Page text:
Edited to add: In rereading this, I see that maybe I've answered more generally than you intended. I think my smaller specific flaws are related to this, though. I don't generally have a problem with the prose, just with construction, larger scale story ideas.

[This message has been edited by annepin (edited March 21, 2008).]


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Tiergan
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Mistakes? Like I have any.

Yeah right. Do we really have to go there? Where do I begin?

My first, the biggest, I like to write and write fast to complete my novels. But once they are done, and a brief edit, I am on to the next. I tend to spend more time editing the story flow, and plot problems than actual line editing.

And that leads to lazy writing and my next set of mistakes.

I use too many tags, and worse yet ones like shouted, cried, wept, roared, screamed, grizzled. The list goes on and on. This probably goes back to the first book on writing I ever read. It suggested, I jest you not, make a list of all the tags from other books, and keep them handy for when you write so you can vary your tags-I have two pages worth in a notebook somewhere. A year later I find out in good writing you shouldn’t even need many tags, and then keep them to he said/she said.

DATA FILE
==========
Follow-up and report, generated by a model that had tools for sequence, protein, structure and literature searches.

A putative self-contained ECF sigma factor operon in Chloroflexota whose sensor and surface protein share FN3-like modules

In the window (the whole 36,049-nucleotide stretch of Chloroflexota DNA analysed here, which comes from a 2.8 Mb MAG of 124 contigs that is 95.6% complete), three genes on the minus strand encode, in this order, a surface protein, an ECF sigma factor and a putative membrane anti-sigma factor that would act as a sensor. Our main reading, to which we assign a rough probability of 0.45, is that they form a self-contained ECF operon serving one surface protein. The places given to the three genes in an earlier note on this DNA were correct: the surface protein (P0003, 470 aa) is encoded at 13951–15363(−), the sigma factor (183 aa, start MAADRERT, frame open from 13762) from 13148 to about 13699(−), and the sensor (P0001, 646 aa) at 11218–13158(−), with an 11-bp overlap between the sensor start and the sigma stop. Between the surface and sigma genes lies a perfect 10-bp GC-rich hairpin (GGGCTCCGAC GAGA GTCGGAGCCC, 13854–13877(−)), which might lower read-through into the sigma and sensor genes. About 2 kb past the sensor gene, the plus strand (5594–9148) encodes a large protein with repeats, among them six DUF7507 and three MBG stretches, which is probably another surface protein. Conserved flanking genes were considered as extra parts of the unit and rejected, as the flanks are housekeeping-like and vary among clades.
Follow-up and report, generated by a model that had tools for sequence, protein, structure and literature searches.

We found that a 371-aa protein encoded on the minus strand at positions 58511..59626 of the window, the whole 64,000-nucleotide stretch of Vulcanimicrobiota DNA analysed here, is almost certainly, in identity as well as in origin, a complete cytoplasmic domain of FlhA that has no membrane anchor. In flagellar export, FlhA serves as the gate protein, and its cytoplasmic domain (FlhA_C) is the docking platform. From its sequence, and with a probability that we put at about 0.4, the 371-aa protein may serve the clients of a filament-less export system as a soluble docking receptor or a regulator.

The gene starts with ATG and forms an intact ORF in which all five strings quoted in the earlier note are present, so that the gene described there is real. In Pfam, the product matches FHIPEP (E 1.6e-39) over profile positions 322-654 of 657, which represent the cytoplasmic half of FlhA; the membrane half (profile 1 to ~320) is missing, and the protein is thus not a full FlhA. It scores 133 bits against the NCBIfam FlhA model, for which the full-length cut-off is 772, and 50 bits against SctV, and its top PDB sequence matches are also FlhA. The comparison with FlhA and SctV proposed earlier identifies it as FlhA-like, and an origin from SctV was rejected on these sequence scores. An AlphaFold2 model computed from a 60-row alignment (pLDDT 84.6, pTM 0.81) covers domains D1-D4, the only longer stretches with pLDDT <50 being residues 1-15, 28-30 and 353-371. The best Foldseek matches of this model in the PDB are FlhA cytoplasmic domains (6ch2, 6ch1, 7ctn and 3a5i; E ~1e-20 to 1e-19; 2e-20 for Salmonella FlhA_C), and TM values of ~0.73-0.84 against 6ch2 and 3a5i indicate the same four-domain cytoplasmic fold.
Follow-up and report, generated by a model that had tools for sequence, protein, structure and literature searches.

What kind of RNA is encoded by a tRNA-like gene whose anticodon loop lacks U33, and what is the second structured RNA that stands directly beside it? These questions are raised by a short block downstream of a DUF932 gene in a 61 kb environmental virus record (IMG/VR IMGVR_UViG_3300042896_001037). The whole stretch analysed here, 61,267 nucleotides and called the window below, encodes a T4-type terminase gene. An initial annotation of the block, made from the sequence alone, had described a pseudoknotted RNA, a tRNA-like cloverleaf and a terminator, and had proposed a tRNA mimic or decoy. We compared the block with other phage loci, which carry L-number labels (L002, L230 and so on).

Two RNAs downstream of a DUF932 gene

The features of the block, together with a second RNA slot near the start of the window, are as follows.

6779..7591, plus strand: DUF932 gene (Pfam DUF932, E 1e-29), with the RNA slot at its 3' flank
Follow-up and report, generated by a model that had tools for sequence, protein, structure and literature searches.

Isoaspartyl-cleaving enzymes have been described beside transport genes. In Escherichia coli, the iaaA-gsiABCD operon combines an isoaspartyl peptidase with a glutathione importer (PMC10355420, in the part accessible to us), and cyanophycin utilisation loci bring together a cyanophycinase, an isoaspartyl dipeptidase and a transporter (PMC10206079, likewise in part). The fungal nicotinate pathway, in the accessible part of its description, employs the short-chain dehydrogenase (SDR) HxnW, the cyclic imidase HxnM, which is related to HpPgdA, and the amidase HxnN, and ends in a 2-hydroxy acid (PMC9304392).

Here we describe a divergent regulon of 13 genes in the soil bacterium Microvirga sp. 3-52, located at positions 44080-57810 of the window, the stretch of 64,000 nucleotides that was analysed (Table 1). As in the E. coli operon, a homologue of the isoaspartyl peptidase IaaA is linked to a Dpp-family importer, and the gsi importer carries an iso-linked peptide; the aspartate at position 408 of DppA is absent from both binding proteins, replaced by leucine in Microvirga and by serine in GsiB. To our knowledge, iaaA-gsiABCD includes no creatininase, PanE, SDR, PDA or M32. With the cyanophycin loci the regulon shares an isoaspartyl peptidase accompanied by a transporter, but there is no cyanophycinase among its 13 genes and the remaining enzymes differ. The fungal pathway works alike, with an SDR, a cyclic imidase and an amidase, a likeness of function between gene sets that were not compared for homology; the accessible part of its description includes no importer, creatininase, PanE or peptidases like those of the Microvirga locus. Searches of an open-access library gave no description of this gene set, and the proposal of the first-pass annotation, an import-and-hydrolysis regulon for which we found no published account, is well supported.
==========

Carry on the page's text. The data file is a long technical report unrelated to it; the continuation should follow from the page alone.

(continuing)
The other main mistake is –ly words.

Sometimes I even combine the two. “Come here,” she purred huskily. No, honestly, I have never used those two words together, but you get the point.

I am sure I have many more, but I most keep some pretense about my ability.



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Christine
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Endings. I can do great beginnings but sometimes it feels like the story threads get tangled up into knots by the end and I have difficulty bringing it to a satisfying conclusion.

That's all I have for now. I try to concentrate on one thing at a time so I don't get so overwhelmed and start thinking of myself as a hack -- confidence problems are pretty much a given for creative people.


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JeanneT